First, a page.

12.24.2008 10:34am
DiverDan (mail):
I agree wholeheartedly with John -- Just why has the response to the Salmon Rushdie Affair, and the Mohammed Cartoon Afair, and so many others, been a demand that we not utter words or express ideas that just might offend the Muslim sensibility? We really ought to be demanding tolerance - tolerance of words, thoughts, and ideas. If you are offended by Salmon Rushdie's words, it is perfectly acceptable not to buy the book, or publish a response, or even boycott the publisher; it is NEVER acceptable to call for the author's death, or to act on such demands.

The Koran itself rejects the idea that Muslims may convert by force non-believers; it accepts the right of others to their own beliefs, even if those beliefs are contrary or offensive to Islam. We all have, in the interest of liberty, a right to not only ask for, but demand, tolerance of not only our right to beliefs contrary to Islam, but our right to express those beliefs as we see fit without the threat of violent response. If the Muslim World as a whole refuses to accede, and insists on violent responses to any words, images or ideas they find distasteful or heretical, then we have the unquestioned right to respond in kind.
12.24.2008 10:42am
Thales (mail) (www):
DiverDan:

"If the Muslim World as a whole refuses to accede"

See, I was with you until you turned it into this formulation of collective guilt and punishment. There is no "Muslim World" that acts as an entity anymore than DiverDan is your real name.

Rushdie, an outstanding writer (I recommend Midnight's Children to all), is all for subjecting bad ideas and bad people to criticism, and for tipping sacred cows. But this comes out of a humanist sensibility and respect for the power of words and ideas to effect progress. Your sensibility, I fear, is hateful, prejudicial and maybe even violent, and ascribes all bad characteristics of a group to each individual within the group.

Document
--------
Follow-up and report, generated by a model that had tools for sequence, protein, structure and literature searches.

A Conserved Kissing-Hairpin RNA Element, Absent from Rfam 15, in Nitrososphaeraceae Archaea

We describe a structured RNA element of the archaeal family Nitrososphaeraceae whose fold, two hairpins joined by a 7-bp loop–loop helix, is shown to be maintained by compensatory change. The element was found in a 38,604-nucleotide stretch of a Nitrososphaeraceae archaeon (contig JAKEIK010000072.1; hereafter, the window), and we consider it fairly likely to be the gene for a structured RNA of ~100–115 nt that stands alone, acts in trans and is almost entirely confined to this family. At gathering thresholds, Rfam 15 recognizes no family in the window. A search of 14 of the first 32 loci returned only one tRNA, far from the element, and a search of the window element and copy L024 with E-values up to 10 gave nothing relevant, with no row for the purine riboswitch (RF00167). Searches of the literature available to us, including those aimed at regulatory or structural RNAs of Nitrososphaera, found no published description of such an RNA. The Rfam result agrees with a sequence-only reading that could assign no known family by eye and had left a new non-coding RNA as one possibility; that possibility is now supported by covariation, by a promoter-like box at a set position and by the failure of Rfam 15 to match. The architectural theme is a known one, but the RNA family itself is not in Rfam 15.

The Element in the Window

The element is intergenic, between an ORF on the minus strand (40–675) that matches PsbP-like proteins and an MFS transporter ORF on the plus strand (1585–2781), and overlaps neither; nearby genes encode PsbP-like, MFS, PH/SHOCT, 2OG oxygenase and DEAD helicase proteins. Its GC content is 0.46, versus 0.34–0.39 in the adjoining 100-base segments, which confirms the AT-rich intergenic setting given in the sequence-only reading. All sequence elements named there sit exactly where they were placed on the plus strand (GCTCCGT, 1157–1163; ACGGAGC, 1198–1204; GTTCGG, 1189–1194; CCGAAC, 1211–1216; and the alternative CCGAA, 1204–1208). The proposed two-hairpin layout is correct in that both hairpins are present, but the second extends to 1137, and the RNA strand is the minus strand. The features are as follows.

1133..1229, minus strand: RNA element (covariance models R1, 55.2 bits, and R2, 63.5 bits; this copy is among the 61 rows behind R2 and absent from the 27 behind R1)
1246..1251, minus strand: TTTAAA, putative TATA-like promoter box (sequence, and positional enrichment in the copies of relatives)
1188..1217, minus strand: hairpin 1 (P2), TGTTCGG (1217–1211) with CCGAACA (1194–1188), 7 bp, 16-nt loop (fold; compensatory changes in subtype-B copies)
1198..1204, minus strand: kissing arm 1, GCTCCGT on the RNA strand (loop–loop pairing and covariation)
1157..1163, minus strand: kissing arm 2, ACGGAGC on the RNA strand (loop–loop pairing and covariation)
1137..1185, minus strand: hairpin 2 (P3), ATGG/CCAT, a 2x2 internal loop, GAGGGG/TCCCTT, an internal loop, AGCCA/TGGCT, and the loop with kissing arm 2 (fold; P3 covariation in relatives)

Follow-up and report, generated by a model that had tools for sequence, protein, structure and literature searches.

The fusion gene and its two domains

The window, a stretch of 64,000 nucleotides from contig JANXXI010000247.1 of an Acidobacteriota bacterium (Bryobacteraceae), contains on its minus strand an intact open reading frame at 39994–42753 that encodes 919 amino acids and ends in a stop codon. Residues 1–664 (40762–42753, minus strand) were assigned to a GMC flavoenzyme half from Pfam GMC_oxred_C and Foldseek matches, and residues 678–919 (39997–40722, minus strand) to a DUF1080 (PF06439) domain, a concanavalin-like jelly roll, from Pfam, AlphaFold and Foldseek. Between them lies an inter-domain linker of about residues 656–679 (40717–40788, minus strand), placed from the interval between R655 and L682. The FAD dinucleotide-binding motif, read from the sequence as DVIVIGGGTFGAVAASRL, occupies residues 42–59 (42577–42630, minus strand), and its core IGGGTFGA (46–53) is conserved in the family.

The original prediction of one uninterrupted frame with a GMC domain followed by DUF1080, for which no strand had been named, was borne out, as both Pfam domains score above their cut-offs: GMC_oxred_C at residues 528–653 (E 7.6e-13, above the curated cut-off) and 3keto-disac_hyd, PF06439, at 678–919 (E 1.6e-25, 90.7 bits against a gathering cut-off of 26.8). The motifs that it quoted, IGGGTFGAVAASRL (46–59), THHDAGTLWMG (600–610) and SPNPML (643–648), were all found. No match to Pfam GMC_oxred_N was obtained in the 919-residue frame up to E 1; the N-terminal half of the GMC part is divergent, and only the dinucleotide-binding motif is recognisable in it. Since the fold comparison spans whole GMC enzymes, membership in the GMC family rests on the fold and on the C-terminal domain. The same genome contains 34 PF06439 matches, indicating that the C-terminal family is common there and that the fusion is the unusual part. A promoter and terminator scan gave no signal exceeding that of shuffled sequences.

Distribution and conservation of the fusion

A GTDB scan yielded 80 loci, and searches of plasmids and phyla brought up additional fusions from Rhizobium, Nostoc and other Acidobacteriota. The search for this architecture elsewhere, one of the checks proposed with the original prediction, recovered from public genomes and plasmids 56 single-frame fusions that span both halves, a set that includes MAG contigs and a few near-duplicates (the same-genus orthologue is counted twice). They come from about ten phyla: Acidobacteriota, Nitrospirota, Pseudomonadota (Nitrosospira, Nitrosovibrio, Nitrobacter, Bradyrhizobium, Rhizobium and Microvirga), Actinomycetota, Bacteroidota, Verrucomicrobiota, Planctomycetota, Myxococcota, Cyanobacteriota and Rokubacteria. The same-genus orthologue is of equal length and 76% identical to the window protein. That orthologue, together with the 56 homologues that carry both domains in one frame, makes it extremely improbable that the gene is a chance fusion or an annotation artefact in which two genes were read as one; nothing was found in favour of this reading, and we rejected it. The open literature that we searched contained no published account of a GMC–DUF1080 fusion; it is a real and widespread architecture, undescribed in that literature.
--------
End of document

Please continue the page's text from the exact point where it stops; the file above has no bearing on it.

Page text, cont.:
The article is disheartening if the trend it describes is true. Offense for its own sake in conversation or politics is base and to be avoided for sure, but to avoid giving offense in literature?! How absurd.
12.24.2008 11:13am
Mhoram:
Nice thought, DiverDan. Too bad the real world gives lie to it.

The reality is that Christians, Mormons, Jehovah's Witnesses, Jews, Buddhists, Hindus, Sikhs, Animists, Shintoists, Pagans and Atheists rarely respond to insults to their religion with calls (and action) for murder. Those that do, such as Fred Phelps, are ignored or condemned by the mainstream of their religion.

Islam is different. Riots and murders over cartoons, fatwas, and suicide bombers are, at the very least, accepted by the mainstream muslims.

Sure, you can look around and find some muslims, usually in America, who are willing to condemn the excesses, but you have to work at it. Usually, you only get calls for tolerance and acceptance and pleas not to offend the muslims most holy beliefs.

For a simple thought experiment: What would have been the result if Robert Mapplethorpe had used Mohammed as the subject of some of his most offensive artwork instead of a crucifix? Or, on the other side, do you think atheists would have rioted if he had put a figure of Madeline Murray O'Hair in a jar of urine?

Polite people do not intentionally offend the religious beliefs of their neighbors, but we also have to live with people who are not polite. Ostracism is a far better way to deal with that sort of person than murder.
12.24.2008 11:17am
Pragmaticist:
Offense may be unavoidable.

Theists are offended when atheists spread their ideas, which necessarily involves the assertion that theism is false. Atheists are offended by the view that avoiding hurting theists' feelings requires atheists to not assert that religion is myth and superstition.

Long live free expression.